The dollar jumped to a 3-week top on Tuesday while stock markets in Asia ticked higher as a landmark U.S.-North Korea summit in Singapore raised hopes the bitter foes might be able to strike a deal to end a nuclear stand-off on the Korean peninsula.
U.S. President Donald Trump said he had forged a “good relationship” with North Korean leader Kim Jong Un at the start of their historic meeting, just months after they traded insults and tensions spiraled in the region over the reclusive regime’s nuclear programs.
Kim said the meeting was “a good prelude to peace”, but there was some unease among investors about the outcome of the talks given the tense relations between the two nations.
The combatants of the 1950-53 Korean War are technically still at war, as the conflict, in which millions of people died, was concluded only with a truce.
The dollar rose against the safe-haven yen, while the Korean won KRW= gained 0.2 percent to edge above a recent two-week trough. U.S. stock futures were barely changed with E-Minis for the S&P 500 ESc1 up 0.02 percent and Dow futures inching 0.06 percent higher.
In Asian equity markets, trading was volatile with Japan's Nikkei .N225 paring early gains to add 0.3 percent after earlier rising as much as 0.9 percent.
MSCI's broadest index of Asia-Pacific shares outside Japan .MIAPJ0000PUS seesawed between positive and negative territory, and was last up 0.1. South Korean shares .KS11 fell 0.2 percent in choppy deals, while Chinese shares were buoyant after starting in the red with the blue-chip .CSI300 jumping 0.8 percent.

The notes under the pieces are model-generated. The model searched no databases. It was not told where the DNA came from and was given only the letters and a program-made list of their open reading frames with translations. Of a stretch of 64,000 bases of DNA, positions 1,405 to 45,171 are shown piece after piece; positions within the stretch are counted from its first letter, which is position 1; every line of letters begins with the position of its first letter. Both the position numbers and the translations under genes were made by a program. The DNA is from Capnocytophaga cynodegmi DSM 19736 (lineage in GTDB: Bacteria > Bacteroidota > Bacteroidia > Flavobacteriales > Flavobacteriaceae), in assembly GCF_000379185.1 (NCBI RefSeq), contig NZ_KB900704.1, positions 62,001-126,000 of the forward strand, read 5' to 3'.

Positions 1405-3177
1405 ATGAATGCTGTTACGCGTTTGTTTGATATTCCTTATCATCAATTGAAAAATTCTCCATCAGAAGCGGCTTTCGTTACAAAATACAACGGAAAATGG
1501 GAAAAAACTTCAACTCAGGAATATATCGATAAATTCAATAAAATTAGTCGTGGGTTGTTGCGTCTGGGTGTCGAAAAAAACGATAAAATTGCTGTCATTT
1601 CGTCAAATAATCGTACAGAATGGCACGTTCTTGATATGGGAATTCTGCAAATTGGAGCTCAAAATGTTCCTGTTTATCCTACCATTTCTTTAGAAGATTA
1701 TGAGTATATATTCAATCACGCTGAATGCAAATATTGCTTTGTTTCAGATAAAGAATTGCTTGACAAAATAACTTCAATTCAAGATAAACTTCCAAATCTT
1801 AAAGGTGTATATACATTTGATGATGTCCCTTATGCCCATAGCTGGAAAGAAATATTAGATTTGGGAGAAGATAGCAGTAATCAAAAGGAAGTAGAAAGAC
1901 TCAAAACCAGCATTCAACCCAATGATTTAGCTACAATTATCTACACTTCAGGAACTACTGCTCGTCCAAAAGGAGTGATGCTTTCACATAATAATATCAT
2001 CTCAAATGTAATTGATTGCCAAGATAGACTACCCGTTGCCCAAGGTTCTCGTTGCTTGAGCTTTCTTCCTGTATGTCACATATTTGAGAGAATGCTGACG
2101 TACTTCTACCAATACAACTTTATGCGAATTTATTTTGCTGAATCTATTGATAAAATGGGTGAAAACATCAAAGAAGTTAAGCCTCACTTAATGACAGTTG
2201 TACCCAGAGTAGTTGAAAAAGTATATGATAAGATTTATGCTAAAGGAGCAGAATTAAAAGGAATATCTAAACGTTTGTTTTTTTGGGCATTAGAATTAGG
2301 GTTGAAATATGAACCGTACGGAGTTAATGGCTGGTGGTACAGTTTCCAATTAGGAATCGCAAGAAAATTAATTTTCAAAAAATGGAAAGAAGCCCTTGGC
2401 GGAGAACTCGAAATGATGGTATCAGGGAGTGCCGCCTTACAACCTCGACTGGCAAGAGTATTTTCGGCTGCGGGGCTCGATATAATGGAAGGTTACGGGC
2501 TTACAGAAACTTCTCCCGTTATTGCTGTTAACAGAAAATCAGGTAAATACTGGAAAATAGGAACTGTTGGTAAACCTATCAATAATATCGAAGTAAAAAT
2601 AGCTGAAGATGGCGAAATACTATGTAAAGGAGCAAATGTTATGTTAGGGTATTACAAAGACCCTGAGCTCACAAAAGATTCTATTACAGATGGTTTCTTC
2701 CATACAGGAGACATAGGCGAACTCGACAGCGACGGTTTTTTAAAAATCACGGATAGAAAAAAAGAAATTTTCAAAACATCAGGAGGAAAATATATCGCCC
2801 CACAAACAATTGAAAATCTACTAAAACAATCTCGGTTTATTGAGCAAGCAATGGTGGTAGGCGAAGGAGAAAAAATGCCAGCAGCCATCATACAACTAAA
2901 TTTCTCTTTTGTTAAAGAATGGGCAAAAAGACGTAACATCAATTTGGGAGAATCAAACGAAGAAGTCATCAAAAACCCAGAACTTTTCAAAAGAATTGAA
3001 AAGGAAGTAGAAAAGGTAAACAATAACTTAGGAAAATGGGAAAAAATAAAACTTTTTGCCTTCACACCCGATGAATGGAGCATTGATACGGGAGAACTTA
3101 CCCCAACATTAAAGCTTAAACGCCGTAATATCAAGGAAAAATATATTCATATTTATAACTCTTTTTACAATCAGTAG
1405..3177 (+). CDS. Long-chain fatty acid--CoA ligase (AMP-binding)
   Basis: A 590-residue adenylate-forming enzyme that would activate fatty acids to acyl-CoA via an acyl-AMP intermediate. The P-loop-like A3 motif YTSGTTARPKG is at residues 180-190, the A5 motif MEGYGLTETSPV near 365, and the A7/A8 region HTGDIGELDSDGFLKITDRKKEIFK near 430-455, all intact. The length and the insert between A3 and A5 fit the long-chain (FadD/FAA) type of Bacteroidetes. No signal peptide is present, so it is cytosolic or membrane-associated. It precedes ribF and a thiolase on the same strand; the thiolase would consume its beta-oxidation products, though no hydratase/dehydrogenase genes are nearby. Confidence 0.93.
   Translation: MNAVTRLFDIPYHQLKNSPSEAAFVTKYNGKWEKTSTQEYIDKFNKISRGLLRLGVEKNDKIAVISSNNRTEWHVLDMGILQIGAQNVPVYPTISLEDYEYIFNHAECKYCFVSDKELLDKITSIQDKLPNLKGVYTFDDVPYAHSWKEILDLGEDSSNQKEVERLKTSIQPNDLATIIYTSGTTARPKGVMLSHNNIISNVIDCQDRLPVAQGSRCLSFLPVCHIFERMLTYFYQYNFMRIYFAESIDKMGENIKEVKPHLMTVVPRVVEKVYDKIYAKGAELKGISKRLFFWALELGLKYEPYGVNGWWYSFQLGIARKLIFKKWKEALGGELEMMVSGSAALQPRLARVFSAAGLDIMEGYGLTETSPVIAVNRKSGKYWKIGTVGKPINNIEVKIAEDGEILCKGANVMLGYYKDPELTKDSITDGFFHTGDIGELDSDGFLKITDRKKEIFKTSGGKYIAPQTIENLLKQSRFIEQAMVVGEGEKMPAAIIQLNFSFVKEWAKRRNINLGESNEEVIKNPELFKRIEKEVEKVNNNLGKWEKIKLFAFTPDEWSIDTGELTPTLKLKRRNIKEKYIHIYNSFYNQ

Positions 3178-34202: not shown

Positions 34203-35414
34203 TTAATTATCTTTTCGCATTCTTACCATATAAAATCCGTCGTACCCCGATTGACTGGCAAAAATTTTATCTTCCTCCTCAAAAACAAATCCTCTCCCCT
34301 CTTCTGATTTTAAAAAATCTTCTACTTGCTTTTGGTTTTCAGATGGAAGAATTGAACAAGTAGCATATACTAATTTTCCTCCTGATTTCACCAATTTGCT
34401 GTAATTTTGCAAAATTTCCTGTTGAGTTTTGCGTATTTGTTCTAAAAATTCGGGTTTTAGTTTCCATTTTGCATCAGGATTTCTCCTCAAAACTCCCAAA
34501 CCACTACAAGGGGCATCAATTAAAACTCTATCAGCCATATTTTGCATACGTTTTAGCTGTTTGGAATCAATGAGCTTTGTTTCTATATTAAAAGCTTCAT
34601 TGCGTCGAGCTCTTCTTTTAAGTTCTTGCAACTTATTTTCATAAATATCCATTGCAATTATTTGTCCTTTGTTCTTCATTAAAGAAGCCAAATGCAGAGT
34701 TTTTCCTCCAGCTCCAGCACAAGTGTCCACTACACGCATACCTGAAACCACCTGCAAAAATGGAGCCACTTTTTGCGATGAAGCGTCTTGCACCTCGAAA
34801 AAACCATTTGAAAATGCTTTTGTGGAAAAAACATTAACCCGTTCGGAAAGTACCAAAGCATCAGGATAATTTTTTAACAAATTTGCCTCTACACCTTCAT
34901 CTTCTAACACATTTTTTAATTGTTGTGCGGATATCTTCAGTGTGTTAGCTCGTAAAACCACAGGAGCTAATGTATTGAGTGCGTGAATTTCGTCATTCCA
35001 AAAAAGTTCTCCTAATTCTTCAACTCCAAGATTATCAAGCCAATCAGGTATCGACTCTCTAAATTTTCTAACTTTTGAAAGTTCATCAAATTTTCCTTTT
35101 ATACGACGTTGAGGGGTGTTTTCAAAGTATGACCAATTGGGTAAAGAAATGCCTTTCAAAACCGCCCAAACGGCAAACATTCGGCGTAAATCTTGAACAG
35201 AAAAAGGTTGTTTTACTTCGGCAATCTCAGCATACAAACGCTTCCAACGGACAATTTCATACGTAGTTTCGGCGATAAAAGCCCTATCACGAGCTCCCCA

Australian shares were a tad firmer.
“It seems that investors are hesitant to carry large directional exposure into this week’s events,” Citi analysts said in a note.
Even so, leveraged investors were long Korean won, Citi said citing the average of past four weeks of money flows.
“Any disappointment from the summit could cause an unwind of such bullish positions. On the other hand, a successful summit could trigger a faster conversion into the Korean Won of foreign currency deposits.”
Many analysts said the bar was pretty low for what will be deemed a ‘successful’ summit, given the past failures in talks with North Korea.
“So today, we have the opportunity for a historic meeting, a possible end to the Korean war, and a possible move to denuclearize, and maybe even demilitarize the Korean peninsula,” said Robert Carnell, chief economist Asia-Pacific at ING.
“All of that’s great, but how can you make money from it. Well, the short answer is you probably shouldn’t even try.”
Carnell said that a far bigger “existential global threat” was the ongoing tariff dispute after Trump upset the Group of Seven’s efforts to show a united front, choosing to back out of a previous joint communique.
The action drew criticism from Germany and France, and Trump called Canadian Prime Minister Justin Trudeau “very dishonest and weak.”